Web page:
- Photo by Melanie Goldy
- André Massey Jr.
IN A TRULY once-in-a-lifetime honor, André Massey of Savannah, a 14-year-old participant in Deep Center's Young Author Project, heads to Washington DC this week.
But it's not your typical field trip.
Michelle Obama will personally award him with the National Arts and Humanities Youth Program Award, the nation's highest such honor.
Massey, now a freshman at Woodville-Tompkins, started at Deep as an eighth-grader at Mercer Middle School.
"I thought I was just going to write a few poems and maybe get a chance to read them in public. But, Deep did more than that—it changed my life," Massey says.
"It showed me how to express myself, and through my writing, I reconnected with my father."
Deep Center Executive Director Dare Dukes tells Connect, "André's most difficult relationship in life was with his Dad. He wrote this wonderful poem about that relationship, but he didn't expect his Dad to ever read it."
André's father heard his son read the poem at a recent "Deep Speaks" event, where students in the program recite their own work.
"It really affected his dad and really got them talking. Now André says, 'he's my best friend,'" Dukes relates.
When Massey became a part of Deep, "He was bullied in middle school. He really had a hard time there and certainly didn't see himself as a writer. He'll say it's one of the first places where anyone ever asked him how he felt," Dukes says. "We told him to write about whatever you want, but write it really well."
Dukes says that is a perfect microcosm of how Deep likes to characterize literacy.
"In one way, literacy is a set of skills, like reading a menu and writing a check. But it's also knowing your story and knowing how to tell that story well. It's knowing you have a unique place in the world and in your community. When you tell your story in a powerful way you can change things," he says.
- Photo by Melanie Goldy
- Group shot of the Deep Center workshop at Mercer Middle School, with André Massey at center.
"Andre is a kid with a lot of passion and a really keen mind but he kept bumping up across obstacles. We don't shove kids in our program who don't want to be. Our value is to meet kids at their joy," Dukes says.
"When you do that you create kids who not only achieve better in school and make for better job applicants—they have the potential to be community leaders."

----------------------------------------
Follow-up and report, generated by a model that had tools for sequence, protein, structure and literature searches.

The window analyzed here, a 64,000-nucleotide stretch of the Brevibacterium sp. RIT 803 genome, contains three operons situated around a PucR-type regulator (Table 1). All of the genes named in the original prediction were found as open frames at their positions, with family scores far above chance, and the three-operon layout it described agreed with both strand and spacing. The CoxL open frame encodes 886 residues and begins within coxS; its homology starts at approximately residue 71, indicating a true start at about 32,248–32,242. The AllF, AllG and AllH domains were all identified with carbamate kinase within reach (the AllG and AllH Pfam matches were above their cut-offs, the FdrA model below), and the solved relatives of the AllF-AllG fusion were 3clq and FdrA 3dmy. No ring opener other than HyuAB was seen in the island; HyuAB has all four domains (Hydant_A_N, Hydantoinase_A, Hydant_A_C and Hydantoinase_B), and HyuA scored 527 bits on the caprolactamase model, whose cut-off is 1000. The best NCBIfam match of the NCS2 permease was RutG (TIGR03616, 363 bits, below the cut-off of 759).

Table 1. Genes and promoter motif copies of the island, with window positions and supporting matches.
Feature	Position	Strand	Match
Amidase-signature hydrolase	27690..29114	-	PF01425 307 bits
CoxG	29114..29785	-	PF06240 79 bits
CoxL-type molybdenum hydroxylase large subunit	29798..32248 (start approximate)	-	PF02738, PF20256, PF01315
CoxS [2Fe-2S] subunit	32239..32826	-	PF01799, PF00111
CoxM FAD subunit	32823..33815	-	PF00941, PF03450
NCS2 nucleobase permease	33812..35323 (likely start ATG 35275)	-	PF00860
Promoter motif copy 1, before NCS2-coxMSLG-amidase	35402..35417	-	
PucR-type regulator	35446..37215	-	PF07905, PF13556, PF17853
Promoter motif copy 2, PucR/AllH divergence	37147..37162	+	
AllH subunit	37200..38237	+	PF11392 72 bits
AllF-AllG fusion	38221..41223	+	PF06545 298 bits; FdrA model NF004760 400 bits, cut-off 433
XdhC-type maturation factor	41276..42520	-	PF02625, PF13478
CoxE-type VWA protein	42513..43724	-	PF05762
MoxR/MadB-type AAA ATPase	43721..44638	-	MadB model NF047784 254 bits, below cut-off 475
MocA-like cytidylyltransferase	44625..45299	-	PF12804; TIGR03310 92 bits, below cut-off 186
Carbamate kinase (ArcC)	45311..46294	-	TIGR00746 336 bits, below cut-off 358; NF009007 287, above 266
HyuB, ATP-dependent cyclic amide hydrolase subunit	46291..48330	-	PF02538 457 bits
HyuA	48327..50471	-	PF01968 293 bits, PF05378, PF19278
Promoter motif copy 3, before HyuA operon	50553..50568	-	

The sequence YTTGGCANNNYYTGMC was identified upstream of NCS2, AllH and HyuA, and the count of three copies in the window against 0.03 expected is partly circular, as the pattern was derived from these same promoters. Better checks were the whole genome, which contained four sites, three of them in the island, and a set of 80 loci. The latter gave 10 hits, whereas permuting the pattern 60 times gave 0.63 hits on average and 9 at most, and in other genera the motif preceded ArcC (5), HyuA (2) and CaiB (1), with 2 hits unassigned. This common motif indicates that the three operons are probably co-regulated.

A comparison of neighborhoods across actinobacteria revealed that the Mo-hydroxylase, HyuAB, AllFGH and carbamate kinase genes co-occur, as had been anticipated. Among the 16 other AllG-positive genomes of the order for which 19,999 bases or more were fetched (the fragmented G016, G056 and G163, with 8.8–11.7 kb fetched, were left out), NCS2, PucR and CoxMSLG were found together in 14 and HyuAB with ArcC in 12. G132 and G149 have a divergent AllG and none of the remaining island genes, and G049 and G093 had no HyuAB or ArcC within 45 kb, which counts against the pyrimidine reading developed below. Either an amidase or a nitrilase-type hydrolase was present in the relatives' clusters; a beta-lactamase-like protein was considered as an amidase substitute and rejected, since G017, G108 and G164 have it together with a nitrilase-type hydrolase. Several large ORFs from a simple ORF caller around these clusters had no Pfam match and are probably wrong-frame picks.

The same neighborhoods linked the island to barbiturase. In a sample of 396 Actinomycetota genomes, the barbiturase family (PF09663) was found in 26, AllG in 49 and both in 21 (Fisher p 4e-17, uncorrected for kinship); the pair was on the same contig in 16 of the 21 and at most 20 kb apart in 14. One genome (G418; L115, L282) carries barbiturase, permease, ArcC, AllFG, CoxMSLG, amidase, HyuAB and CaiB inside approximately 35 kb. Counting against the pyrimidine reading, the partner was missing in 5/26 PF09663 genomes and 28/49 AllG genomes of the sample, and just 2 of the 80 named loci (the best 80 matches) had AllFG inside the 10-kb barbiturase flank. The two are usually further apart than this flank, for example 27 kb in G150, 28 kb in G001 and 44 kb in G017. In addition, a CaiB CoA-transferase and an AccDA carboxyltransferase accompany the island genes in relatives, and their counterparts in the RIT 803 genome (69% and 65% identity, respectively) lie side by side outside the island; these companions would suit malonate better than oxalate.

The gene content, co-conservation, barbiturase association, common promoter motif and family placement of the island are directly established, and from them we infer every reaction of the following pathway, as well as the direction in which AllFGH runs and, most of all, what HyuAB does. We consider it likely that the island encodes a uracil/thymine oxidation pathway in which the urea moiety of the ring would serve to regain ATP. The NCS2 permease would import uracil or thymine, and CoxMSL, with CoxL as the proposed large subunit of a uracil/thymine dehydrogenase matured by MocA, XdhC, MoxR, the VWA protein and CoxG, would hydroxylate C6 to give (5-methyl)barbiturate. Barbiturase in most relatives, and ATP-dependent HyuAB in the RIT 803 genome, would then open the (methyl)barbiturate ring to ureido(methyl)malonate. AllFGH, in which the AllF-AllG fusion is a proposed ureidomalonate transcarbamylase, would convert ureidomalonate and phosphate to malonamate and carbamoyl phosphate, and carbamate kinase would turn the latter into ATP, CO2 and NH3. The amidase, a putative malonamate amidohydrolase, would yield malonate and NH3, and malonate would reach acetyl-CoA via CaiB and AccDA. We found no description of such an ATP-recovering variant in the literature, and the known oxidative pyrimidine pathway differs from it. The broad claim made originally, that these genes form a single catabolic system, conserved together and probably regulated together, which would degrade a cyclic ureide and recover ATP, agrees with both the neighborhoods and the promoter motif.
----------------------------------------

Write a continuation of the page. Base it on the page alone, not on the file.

To that end, Dukes talks about the value of the award not just to Massey and to Deep Center, but to Savannah itself.
"This gives Savannah a moment to really celebrate young people at a time when most stories about young people in Savannah, and especially in the community that Deep serves, are negative," he says.
"This gives a space for Savannah to celebrate some of our kids."
This is only the third time since the award began in 1998 that a Georgia organization won the award, and the first time a city outside metro Atlanta has won.
At the core of Deep Center's efforts are a cohort of about two dozen creative writing volunteers a year.
"But the word 'volunteer' doesn't really describe what they do," says Dukes. "They give 100 hours of their time. Some of those moments are very joyful, and some are very, very hard."
Deep serves schoolchildren who typically don't have access to their kind of programming — and more specifically a high population who qualify for free or reduced lunch, which is essentially every public school in Savannah.
"We encourage them to write about their personal histories, in whatever genre they want to write about—fiction, nonfiction, poetry. We push them toward mastery, because that's also a value," Dukes says.
"We encourage them to honor the fact that their scholarship is fully paid for, and they perceive it as an honor to be in the program, with no stigma about being in the workshop."
Dukes says Deep's writing mentors are transferring their passion to young people who don't always have great opportunities, and it also shines a real light on the importance of after-school programs.
"I hear this in Savannah a lot: People think after-school programs are fancy babysitting, a way to keep off streets," Duke says. "But at Deep we think of after-school programming as way to continue young people's education and development in a holistic way, where we're not beholden to the same institutional structures that people inside the school system are. Deep has the flexibility to both educate and mentor in ways that fit their uniqueness."
Dukes says the case for more and better after-school programming is a case that needs to be made across the country.
"There is a real place for thoughtful, intentional, outcome-driven after-school programming. And I'd love for this award to be an opportunity to have that conversation," he says.
While technically Deep Center and the White House announced the award last week, "We've known since June but it's been embargoed," Dukes says.
"What can I say? When the White House says don't tell, you don't tell," he laughs.
"So we celebrated loudly but secretly in June."
In August, the awardees went to Washington to take part in a unique workshop.
"Part of the award is learning how to do consulting and communicating around the award. So they give you a two-day retreat. We basically created a whole media plan just waiting for the right moment," Dukes says.
"So that's what we've been doing: Grinning secretly until it came time to let the cat out of the bag." cs